Alain Planes is competent and workmanlike. He plays with determination, he gives weight to drama, and he does not fall into being sentimental. He is though irremediably earth-bound. I cannot recall a single moment of true enchantment in this recital; even the extraordinary modulation into the major near the end of slow movement of the Schubert passed by unexploited. Poetry of interpretation is how pianists transcend the percussive limitations of the instrument. Planes was all-prose. He plays literally, eschews rubato and emotional intensity, and he denies himself or is incapable of the hushed pianissimo that is the hallmark of so many great pianists Uchida, Zimerman or Gieseking to name past and present pianists famous in this repertoire. By carefully weighing the different notes of a chord, or bringing out a counter-melody as varied part-writing, Schubert and Debussys textures are granted complexity, an endless interest that co-exists perfectly with sonic transparency. In comparison, Planes was relentlessly one-dimensional. I marvel at how great pianists manage this combination of intuitive mastery and relentlessly practised detail, but it is, felicitously, common enough in what one is offered in London, that I sure missed its absence here.
Planes began his recital with the great Schubert B flat sonata. An immensely bold musical gauntlet Curzon, Kempff and Kovacevich, to name just the first that come to mind, have made legendary recordings of this work. The last live performance I heard was Perahias. Planes does not belong in this company and I fear, on this evidence, that it is uncertain how his project to record all Schuberts sonatas will contribute anything lasting to our understanding of these works. The first movement, including the long exposition repeat, did not really hold the interest. Planess view of Schubert is clearly in the Brendel rather than the Curzon camp that drama and masculinity should not be sacrificed for lyricism. Sadly, too many details were ignored and opportunities missed that gentle flourish in the bass that ends the first phrase was too loud; those arpeggios in the development played without any melodic inflection.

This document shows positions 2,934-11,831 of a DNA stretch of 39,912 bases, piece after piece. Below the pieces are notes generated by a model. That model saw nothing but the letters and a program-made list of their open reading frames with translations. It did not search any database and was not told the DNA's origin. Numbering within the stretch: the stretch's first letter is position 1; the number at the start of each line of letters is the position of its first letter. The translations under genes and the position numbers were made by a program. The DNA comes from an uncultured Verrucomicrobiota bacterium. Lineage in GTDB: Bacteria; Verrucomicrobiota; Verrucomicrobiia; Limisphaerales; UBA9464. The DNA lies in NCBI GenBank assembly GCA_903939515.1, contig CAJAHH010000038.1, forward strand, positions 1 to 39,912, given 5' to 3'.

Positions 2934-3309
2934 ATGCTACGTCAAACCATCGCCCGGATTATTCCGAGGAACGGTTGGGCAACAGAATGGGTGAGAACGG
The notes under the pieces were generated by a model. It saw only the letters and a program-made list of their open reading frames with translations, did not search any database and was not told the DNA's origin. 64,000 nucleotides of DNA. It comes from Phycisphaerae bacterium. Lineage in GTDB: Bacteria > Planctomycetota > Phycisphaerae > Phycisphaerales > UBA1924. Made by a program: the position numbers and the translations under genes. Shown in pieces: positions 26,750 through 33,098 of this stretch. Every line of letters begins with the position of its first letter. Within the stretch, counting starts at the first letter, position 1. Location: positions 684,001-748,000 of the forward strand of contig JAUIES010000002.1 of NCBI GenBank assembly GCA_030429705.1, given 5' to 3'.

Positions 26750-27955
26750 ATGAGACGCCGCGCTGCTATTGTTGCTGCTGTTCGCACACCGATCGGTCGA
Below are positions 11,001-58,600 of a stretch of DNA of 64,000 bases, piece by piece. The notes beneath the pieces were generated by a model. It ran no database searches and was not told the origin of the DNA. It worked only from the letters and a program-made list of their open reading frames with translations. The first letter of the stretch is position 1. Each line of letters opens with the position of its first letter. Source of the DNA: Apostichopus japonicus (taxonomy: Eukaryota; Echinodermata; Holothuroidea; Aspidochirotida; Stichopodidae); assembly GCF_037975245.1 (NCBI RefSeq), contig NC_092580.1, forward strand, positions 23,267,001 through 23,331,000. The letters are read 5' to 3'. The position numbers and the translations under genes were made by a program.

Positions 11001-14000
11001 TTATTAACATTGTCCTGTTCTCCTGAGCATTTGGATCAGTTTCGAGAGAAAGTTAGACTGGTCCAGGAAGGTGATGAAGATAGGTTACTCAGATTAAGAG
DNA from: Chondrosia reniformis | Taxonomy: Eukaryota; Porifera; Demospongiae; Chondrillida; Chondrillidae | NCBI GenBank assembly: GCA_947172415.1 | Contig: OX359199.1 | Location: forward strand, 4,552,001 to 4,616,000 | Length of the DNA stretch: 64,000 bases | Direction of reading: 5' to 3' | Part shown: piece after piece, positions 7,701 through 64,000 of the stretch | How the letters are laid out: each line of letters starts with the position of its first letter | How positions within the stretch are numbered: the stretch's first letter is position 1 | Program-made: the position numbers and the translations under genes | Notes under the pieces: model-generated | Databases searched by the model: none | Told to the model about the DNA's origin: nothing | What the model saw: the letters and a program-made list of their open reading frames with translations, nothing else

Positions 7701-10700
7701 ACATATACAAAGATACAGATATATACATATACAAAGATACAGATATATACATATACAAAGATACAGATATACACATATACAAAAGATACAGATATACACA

I should, in fairness, commend Planes for the originality of bringing out the dance-like rhythms of the slow movements middle episode, and also of the ingenuous charm of the straightforward finale. Nevertheless, the consistency of his approach made the trio to the scherzo not so much mysterious, sinister or modernist, just puzzling; the scherzo itself insufficiently light.
Planes chose, unusually, to play from the score (as throughout); nevertheless, his execution was far from perfect. Schubert tends to be more awkward than difficult, and is hardly ever virtuosic. The B flat is technically innocuous for such a monumental and important work.But it is extremely exposed. The merest fluff in chains of arpeggios or in crystalline chordal textures is impossible to conceal. There were a number of such blemishes in the first movement, and Planes seemed nervous at the start of the second.
Would he improve in his native French music? Reflets dans leau was brisk and efficient rather than shimmering; Mouvement was foursquare rather than fleet. Planes was at his best in Hommage a Rameau, his combination of discipline and exact rhythm well suited giving an appropriate stateliness and measured forward motion. In the second set, the chime effects and pedal notes of Cloches a travers les feuilles fared better than the sleight of hand required for Et la lune descend sur le temple qui fut or the quicksilver of Poissons dor. Impressionism in piano music depends on a degree of illusion, rather than smoothing-over the occasional infelicities of music written absolutely. It was difficult to judge whether Planess lack of imagination was a modernist, conscious choice or artistic limitation.
The length and emotional depth of Schuberts sonata makes demanding listening; after both books of Images, even a predominantly French audience was in no mood to listen to nearly half-an-hour of modernist studies, and became increasingly restive. Pascal Dusapin (born 1955) comes from Nancy; his work shows the influence of Varese; these Etudes are an exploration of piano sonorities as much as technique. It was commendable for Planes to introduce them to us, even if they would have been easier digested earlier in the recital.
Of the first two Etudes, one displays Baroque influences, the second is a modernised version of Ravels Alborada del gracioso. Here, Planess virtues of directness and drive cut through the potential difficulties of relatively inaccessible music. The third study, however, where Dusapins affection for repeated notes was taken to an extreme, was the hardest to appreciate; the final, carillon-like piece is a distant and demented relative of the last movement of Poulencs Suite Francaise. Chords are gradually deconstructed into constituents.
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